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Silence in the Snowy Fields: Poems (Wesleyan Poetry Program)

4.08  ·  Rating Details ·  220 Ratings  ·  14 Reviews
The poems of Robert Bly are rooted deep in the earth. Snow and sunshine, barns and cornfields and cars on the empty nighttime roads, abandoned Minnesota lakes and the mood of America now these are his materials. He sees and talks clearly: he uses no rhetoric nor mannered striving for effect, but instead the simple statement that in nine lines can embody a mood, reveal a pr ...more
Paperback, 60 pages
Published April 1st 1962 by Wesleyan (first published January 1st 1962)
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Bill  Kerwin
May 09, 2016 Bill Kerwin rated it it was amazing
Shelves: poetry

The mid '70's. The party after the poetry reading was now in full swing, and Robert Bly, the evening's featured poet, was sitting bolt upright on my friend Bob's couch, still draped in his red and orange serape. As he discoursed on some aspect of American myth, gesturing dramatically as he spoke, his expressive arms--in the light of the table lamps--glided like a hawk's wings at sunset. Just then, my friend Michael, arriving home from the bars--considerably the worse for wear, and oblivious to t
...more
Bert
Jul 29, 2016 Bert rated it it was amazing
Beautiful, spare poems about cornfields, snow, driving at night, napping. Bly was from Minnesota, and his writing is so simple and very profoundly everyday, like one of of them is about posting a letter at night, another about old boards. The poems have titles like Surprised By Evening, September Night With An Old Horse, and my favourite, After Drinking All Night With A Friend, We Go Out In A Boat At Dawn To See Who Can Write The Best Poem.
Nils
Aug 17, 2007 Nils rated it it was amazing
Reading Dickey just made me revisit one of my favorite collections, Silence in the Snowy Fields. Bly is not one of my all-time favorite writers, but Silence in the Snowy Fields is exceptional for a first book (I think it's his first). The resounding stillness in this book makes you want to build a fire and dare winter to bring its worst.
Ian
Jul 09, 2010 Ian rated it really liked it
This collection is a much better starting place for reading Bly. The collection is filled with Midwest landscapes alongside surreal imagery. The common theme in Bly’s work centers around a speaker coming to a sudden and awestruck communion with the world around him, often that of the natural.
Andre
Aug 28, 2013 Andre rated it liked it
Worth the read for just "Watering the Horse" and "At the Funeral of Great Aunt Mary."
Tanvika
Dec 24, 2016 Tanvika rated it it was amazing
Warm December morning
Sipping the sunshine
Coolness meddling at times
Veins gushing silently
Feet shaking on the firm mother
Bly's music of life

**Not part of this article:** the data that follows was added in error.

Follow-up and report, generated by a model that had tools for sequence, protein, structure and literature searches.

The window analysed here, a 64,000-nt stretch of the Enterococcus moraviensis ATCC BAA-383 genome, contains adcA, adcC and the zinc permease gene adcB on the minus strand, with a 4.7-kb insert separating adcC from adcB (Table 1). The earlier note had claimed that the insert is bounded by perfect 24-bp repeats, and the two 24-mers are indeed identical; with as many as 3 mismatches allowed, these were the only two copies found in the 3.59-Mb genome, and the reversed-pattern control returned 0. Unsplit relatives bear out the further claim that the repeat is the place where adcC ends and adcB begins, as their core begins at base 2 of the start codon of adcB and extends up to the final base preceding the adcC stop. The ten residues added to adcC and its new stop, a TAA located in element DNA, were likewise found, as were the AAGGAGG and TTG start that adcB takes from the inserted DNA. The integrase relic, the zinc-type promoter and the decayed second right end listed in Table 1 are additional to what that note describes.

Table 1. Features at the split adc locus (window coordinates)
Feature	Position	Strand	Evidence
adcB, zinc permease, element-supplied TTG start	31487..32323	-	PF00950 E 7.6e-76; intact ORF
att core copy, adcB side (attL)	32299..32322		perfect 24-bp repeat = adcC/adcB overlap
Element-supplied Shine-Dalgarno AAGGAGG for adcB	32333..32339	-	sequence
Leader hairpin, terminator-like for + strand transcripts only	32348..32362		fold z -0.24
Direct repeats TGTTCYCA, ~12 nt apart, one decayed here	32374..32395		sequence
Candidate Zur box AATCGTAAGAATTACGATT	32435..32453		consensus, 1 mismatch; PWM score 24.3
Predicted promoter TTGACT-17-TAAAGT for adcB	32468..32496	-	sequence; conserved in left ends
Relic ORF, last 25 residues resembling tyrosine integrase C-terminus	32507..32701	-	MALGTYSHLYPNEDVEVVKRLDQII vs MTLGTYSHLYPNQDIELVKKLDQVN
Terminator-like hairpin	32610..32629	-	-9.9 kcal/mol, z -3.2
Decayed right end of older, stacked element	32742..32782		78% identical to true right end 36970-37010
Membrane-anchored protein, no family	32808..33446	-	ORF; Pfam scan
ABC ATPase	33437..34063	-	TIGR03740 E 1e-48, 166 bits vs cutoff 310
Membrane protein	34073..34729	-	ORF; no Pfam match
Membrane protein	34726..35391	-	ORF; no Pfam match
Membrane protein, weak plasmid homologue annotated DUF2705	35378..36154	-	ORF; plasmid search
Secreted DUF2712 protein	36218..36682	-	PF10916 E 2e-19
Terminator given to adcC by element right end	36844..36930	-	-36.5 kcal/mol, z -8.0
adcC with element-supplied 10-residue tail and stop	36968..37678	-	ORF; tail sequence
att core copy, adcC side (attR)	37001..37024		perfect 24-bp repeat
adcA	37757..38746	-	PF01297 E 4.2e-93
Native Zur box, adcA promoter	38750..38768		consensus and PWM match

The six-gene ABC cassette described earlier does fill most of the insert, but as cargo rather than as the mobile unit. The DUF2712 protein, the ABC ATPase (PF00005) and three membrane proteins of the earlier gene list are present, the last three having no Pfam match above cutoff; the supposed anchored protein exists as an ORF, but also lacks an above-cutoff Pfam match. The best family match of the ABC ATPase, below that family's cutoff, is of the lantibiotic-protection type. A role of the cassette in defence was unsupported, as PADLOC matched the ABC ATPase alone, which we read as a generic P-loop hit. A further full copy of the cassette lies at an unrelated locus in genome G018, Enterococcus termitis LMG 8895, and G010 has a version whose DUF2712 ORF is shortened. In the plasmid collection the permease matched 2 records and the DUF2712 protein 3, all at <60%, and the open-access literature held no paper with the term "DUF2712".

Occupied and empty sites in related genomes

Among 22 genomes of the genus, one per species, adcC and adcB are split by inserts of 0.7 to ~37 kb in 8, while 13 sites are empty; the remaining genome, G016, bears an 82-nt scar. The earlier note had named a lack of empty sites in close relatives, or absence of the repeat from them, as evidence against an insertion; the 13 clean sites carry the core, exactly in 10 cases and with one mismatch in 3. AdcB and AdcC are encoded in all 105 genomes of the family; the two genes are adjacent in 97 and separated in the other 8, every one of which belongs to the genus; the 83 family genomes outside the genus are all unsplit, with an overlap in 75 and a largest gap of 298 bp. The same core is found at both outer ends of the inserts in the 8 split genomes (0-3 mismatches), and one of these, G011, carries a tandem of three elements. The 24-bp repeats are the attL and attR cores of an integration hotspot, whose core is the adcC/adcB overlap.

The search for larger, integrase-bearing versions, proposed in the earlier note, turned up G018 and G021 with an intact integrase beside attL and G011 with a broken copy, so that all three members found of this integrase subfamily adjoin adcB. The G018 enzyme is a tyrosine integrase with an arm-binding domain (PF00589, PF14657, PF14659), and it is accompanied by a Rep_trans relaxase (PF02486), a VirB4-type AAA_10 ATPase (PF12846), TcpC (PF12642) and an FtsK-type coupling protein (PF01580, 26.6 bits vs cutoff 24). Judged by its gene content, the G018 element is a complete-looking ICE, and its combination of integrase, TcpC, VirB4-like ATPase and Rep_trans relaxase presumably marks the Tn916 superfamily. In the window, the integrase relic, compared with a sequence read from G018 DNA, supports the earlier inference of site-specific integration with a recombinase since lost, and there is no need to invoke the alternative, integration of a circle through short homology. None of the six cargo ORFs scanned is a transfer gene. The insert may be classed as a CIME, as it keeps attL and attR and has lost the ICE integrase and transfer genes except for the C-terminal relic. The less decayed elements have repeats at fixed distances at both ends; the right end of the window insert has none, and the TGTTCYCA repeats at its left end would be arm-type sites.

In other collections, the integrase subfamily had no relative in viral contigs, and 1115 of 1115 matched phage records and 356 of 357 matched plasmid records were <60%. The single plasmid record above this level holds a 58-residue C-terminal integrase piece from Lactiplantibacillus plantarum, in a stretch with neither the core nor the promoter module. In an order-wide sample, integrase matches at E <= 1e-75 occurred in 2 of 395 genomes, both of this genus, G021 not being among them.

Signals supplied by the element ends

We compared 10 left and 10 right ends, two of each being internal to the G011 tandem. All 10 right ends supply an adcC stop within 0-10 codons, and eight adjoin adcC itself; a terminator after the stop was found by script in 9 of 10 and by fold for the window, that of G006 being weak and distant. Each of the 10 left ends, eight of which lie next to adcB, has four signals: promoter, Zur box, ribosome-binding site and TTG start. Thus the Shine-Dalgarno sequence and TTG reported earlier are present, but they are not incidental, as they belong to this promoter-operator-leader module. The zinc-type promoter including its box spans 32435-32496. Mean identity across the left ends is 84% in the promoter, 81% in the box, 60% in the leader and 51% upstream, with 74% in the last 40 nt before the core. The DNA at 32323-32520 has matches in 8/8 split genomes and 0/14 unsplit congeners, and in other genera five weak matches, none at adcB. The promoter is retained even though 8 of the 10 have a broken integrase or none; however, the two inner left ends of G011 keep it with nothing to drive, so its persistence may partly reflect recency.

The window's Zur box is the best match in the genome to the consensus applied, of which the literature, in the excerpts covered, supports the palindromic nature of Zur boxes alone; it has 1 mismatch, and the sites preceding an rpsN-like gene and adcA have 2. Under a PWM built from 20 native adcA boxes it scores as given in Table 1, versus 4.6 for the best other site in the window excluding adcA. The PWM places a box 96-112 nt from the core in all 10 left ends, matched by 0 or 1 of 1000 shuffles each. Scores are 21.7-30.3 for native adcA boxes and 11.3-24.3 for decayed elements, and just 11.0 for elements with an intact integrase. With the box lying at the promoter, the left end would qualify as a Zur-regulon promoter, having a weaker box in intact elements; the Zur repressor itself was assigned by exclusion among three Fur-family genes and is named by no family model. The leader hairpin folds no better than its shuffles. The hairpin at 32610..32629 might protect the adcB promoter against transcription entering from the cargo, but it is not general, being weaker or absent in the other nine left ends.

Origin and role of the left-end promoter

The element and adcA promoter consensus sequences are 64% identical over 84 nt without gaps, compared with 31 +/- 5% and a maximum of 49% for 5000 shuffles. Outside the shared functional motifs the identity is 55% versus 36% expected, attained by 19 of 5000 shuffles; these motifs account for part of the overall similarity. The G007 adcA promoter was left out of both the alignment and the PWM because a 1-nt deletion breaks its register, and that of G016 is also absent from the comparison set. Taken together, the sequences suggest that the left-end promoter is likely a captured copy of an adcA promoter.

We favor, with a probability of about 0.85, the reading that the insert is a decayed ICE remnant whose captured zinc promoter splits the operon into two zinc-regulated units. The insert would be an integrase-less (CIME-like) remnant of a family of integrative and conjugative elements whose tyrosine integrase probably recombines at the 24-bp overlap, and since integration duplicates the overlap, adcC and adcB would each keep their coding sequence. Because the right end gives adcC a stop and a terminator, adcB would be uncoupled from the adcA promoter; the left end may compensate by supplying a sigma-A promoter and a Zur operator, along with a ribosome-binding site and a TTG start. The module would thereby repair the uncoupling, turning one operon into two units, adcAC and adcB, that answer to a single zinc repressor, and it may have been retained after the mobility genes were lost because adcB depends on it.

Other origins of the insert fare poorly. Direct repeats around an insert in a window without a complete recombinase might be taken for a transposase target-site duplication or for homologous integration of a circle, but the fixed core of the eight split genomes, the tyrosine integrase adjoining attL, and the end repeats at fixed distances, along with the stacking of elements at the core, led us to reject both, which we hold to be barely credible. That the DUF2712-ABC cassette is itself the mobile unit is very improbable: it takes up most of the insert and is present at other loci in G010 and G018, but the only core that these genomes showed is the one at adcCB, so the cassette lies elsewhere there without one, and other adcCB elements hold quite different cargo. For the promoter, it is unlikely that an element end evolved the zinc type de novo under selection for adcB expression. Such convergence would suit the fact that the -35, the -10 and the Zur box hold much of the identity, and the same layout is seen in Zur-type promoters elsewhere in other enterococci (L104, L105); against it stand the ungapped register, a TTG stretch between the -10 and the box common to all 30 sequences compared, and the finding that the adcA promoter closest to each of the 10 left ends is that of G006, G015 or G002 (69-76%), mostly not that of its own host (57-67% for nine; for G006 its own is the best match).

Entirety revealed
In this moment
Alison
May 22, 2012 Alison rated it liked it
Evocative yet spare poetry, that maybe demands a cold winter's reading, which I didn't have. I enjoyed these poems generally but didn't love them, with the exception of "Remembering in Oslo the Old Picture of the Magna Carta" which was terrific. I made the mistake though of reading Bly's biography after reading the first few poems (I picked this collection up solely because of a mention in a previous poetry book of Bly's poetry style comparing favourably to a style developed by Basho), and was r ...more
Serena
Jul 07, 2016 Serena rated it did not like it
I know this author is a famous poet, but I can't understand why. Yes, this seems to be the epitome of concrete imagery. The problem is that there's almost nothing else there. He repeats words unnecessarily, making it sound badly or lazily written. I respect those who find something in his work, but I simply can't.
James
May 10, 2016 James rated it it was amazing
Shelves: verse
On a Saturday afternoon in the football season,
I lie in a bed near the lake,
And dream of moles with golden wings.
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Sep 13, 2007
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Robert Bly is an American poet, author, activist and leader of the Mythopoetic Men's Movement.
More about Robert Bly...

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“With Pale Women in Maryland

With pale women in Maryland,
Passing the proud and tragic pastures,
And stupefied with love
And the stupendous burdens of the foreign trees,
As all before us lived, dazed
With overabundant love in the reach of the Chesapeake,
Past the tobacco warehouse, through our dark lives
Like those before, we move to the death we love
With pale women in Maryland.”
1 likes
“The human face shines as it speaks of things
Near itself, thoughts full of dreams.
The human face shines like a dark sky
As it speaks of those things that oppress the living”
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